Hot Mix Asphalt Mixtures – What Works

by Courtney Murtagh, UMTC Intern, and Tracy Zafian, Research Fellow

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Road paving project in Lee, MA, 2010. (Source: blog.mass.gov).

Dr. Walaa Mogawer, UMTC Research Affiliate, Professor at UMass-Dartmouth, and UMass-Dartmouth Research Engineer Alexander Austerman recently published the results of their research study on Experimental Hot Mix Asphalt Projects Placed in Massachusetts. Professor Mogawer discussed this research topic in an Innovative Outlook interview in September 2017.

The study’s primary goal was to monitor roadway projects in the Commonwealth that used different experimental mixtures of asphalt to see which mixtures worked best, with the longest service life, best distress resistance, and easiest placement or construction. As described in the study report, the data gathered through this study can aid “Massachusetts in determining if full-scale implementation of these design methodologies and technologies is cost-effective in the long term. Overall, it is anticipated that well-performing technologies could be separated from poor-performing ones, thus leading to better decisions for future infrastructure.”

This study, conducted over a 5-year period (2012-2017), evaluated the performance of experimental hot mix asphalt (HMA) mixtures used in 12 different road pavement projects around Massachusetts. The 12 projects selected by MassDOT staff for this evaluation each involved new pavement technologies or new specifications. These technologies and specifications were tried for a variety of reasons, ranging from trying to mitigate reflective cracks in HMA layers placed over plain concrete slabs to the construction of environmentally friendly “green roads” by the incorporation of warm mix asphalt and ground tire rubber.

As described in the report, at the start of the study the researchers worked to collect all available data from MassDOT on each of the selected projects, including “all bid contract documents, material specifications, plant reports, construction quality assurance data, ride quality and distress data.”

The study then involved developing monitoring plans for each selected project, some of which had been constructed prior to the study. For each site, condition data were collected periodically throughout the duration of the study to quantify the performance of each mix and the changes in performance over time. Data were collected in the same manner for each project, using standardized techniques from MassDOT’s Pavement Management Section, such as surveying distress and calculating the relevant Pavement Condition Index (PCI). This ensured fair and consistent measurements and evaluations for each site.

The study’s primary conclusions and recommendations were as follows:

  • The condition data provided by the MassDOT Pavement Management Section provided critical data required to be able to evaluate the performance of monitored projects over an extended period of time.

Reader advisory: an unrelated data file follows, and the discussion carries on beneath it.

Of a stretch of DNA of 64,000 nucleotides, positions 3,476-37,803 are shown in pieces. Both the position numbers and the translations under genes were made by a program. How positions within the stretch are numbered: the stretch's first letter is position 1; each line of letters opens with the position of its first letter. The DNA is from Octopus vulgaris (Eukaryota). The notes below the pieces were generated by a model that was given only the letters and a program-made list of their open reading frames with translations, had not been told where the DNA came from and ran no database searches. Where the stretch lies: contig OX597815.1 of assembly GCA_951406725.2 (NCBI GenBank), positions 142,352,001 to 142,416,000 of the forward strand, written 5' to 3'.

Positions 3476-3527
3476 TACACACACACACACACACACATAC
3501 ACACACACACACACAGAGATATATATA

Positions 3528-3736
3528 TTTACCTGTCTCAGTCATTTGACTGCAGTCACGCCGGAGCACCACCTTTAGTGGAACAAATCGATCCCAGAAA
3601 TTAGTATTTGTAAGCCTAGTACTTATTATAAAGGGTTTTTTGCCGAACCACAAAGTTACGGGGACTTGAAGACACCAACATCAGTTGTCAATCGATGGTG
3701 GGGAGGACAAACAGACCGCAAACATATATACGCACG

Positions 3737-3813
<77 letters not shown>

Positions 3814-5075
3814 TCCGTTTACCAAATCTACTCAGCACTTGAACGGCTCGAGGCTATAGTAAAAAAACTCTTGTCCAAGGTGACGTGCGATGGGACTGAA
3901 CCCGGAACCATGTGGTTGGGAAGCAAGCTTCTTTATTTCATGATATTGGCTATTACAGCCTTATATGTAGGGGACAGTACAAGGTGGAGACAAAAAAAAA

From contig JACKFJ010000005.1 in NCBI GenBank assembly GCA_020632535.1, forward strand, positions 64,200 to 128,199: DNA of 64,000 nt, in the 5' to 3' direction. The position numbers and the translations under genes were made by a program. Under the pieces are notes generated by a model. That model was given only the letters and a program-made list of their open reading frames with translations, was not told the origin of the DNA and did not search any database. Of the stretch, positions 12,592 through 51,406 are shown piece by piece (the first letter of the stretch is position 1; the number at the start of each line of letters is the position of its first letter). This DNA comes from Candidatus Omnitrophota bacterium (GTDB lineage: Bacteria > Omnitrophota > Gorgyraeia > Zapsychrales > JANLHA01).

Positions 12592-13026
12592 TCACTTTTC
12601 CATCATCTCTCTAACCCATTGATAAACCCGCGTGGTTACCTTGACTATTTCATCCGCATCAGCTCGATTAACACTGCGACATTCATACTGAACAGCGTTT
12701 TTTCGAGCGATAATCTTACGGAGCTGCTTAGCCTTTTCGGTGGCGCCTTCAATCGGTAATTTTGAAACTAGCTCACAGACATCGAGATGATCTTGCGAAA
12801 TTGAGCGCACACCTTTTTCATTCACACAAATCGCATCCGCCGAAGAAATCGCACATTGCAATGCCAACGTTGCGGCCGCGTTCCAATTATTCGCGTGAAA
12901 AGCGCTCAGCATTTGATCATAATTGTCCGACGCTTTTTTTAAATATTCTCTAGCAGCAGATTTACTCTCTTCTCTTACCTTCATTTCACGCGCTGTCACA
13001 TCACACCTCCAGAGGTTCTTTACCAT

• The tested alternative technologies and specifications generally provided acceptable performance in terms of rutting, cracking and ride quality. If the projects continue to display acceptable levels of performance over time, it was suggested that final specifications be developed so that that same mixtures and strategies can be used in the future.
  • For future road paving projects involving new technologies, it was recommended that a monitoring plan be developed and implemented before the start of these projects. This would allow for a more comprehensive collection of data regarding the technologies’ performance and cost-benefit results over time and assist MassDOT in making more informed decisions when developing project specifications.

The final study report by Dr. Mogawer and Mr. Austerman can be viewed at this link.  This research was funded through the MassDOT Research Program with Federal Highway Administration (FHWA) State Planning and Research (SPR) funds.

Zipper UP – Merge Design Helps Reduce Crashes

by: Tracy Zafian, Research Fellow

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Texas DOT blog

A recent study from the University of Massachusetts (UMass) Amherst evaluated the impact of various merge signs and road geometries on driver perception and behavior at merges.  Alyssa Ryan, a UMass Amherst Transportation Engineering graduate student working with Dr. Michael Knodler presented findings of the “Alternative Merge Design Downstream of Intersections,” focused on alternative merges, also known as zipper merges.  The study was discussed at the Road Safety and Simulation Conference in the Netherlands in October; additional results were presented at the annual meeting of the Transportation Research Board in Washington, D.C. in January. Discussing the importance of this research, Dr. Knodler said, “If we are able to change driver behavior to better promote alternate merging, we have the potential to improve both roadway safety and efficiency.”